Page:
Research is proving field turf may be a safer bet versus grass. Although it could soon be a moot point as more and more high school and professional athletes are playing on field turf, it’s good to know the facts.
Research shows that softer turf is creating a safer playing field for athletes and decreasing the amount of accidental injuries from slips and falls.
Yesterday, I had the chance to speak with WAKR morning show host Ray Horner
about this topic. We discussed the pros and cons of field turf versus grass.
Below is an audio file and transcript of our discussion. Originally aired on 1590 WAKR-AM on Oct. 22, 2014.
HORNER: Join us as we bring in another doctor, our good friend, Dr. Joe Congeni, with us from Akron Children’s Hospital, Sports Medicine Center. And, Joe, which direction do you want to go this morning?
DR. CONGENI: Hey, Ray, did I hear you talking to somebody about preparation?
DR. CONGENI: Yeah. … All medical personnel at Children’s now, we have to go down, it’s called the PPE, your Personal Protective Equipment, [and] learn how to gown and glove and get ready for that. I just came upstairs from doing that myself.
So, everybody’s preparing all over town, and I think we’ve learned a lot in the last week about how to protect ourselves from this virus.
DR. CONGENI: In the meantime, what I want to talk about … and there really is a glaring difference, is playing on grass versus playing on field turf.
DR. CONGENI: When we go through a week like we just did — cool and very rainy — there is a big difference. And, there’s beginning to be more research. It was really kinda across the board the last time we talked about it several years ago … talking about the differences on field turf and grass.
It’s really evolved a lot and it’s almost becoming a moot point. We work with 12 high schools and 2 colleges, and 75 to 80 percent of our fall events are on field turf now. So, you know, we have teams that play 8, 9, all 10 of their football games on field turf, so there’s more and more field turf around.
But what the research seems to show is 3 things:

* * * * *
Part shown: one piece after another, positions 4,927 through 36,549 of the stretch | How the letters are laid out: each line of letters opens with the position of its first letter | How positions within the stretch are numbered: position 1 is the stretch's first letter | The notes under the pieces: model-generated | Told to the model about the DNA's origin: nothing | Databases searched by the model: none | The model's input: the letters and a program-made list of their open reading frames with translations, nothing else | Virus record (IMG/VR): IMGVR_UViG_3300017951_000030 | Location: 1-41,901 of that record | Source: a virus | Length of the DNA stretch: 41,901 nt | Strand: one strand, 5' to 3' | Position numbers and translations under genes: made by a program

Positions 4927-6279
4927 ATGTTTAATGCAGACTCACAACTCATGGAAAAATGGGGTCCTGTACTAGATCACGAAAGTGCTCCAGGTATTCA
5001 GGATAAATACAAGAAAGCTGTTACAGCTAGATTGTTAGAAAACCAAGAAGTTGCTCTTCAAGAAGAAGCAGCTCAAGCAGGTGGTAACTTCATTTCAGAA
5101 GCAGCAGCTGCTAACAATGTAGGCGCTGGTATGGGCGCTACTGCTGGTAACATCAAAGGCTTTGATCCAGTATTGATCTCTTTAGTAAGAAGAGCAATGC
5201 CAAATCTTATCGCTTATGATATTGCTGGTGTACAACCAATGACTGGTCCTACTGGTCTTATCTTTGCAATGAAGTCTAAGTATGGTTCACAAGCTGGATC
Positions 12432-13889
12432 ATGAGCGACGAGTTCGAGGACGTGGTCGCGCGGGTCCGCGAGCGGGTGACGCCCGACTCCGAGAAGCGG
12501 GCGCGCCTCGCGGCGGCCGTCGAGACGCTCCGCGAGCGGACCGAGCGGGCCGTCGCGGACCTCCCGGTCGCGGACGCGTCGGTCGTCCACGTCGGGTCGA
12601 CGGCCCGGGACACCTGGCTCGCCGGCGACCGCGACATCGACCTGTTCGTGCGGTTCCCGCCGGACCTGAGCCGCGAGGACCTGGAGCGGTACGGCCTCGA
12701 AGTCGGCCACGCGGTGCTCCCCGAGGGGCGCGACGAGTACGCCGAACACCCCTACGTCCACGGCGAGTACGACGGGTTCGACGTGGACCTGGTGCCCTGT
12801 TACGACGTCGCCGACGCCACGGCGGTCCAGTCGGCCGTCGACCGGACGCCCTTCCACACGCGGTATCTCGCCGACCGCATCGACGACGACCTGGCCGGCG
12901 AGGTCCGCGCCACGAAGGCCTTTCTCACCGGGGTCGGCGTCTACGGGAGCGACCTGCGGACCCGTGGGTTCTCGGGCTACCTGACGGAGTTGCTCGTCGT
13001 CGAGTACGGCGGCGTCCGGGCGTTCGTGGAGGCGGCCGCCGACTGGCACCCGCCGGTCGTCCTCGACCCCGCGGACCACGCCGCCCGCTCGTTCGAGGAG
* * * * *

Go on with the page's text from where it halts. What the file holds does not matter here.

- No. 1: There does seem to be a slight increase in lower-extremity injuries, ankle and knee injuries, on field turf. It’s slightly increased over playing on grass. So of course, everybody would ask does that include ACLs? It does seem to appear that [there’s] a slight increase in ACLs and lower-extremity injuries on field turf over grass.
- The second point is the types of injuries [occurring]. There are more injuries from purposeful movement. In other words, athletes know where they wanna go and they’re able to go better on field turf. So, accidental injuries occur more frequently on grass.
So on grass at this time of year, there are a lot of falls and slips and people getting accidental-type injuries, like fractures. And, in fact, the overall injury rate is slightly higher on grass than field turf. So, that’s point number 2. Most of those are because of accidents because the athletes can’t always go where they want to go.
- And, No. 3, is the issue of is softer safer? A few years ago, as we talked about the generations of the field turf … we’re on the fourth generation now and they have made the turf softer with the rubber pellets or the sand-based turf. To make it softer does that make it safer for injury?
The evidence seems to [show] in the last 10 years that making it softer has made it safer. And, of course, people would ask even about the speed of the game and concussions. The thought [is] as they’ve made the field turf softer, we have made them somewhat safer.
So, those are a few things we’ve learned. It’s getting to the point that even in high school it’s somewhat of a moot point. The majority of games now are played on turf. And, it sure makes it a lot easier on the training personnel and so forth on the sidelines, rather than being in the mud the whole game.
HORNER: No doubt about it. Joe, good stuff. Thanks for coming on with us again.
DR. CONGENI: Okay, Ray. Have a great week. Thanks.
HORNER: You too. Dr. Joe Congeni, Sports Medicine Center at Akron Children’s Hospital, with us.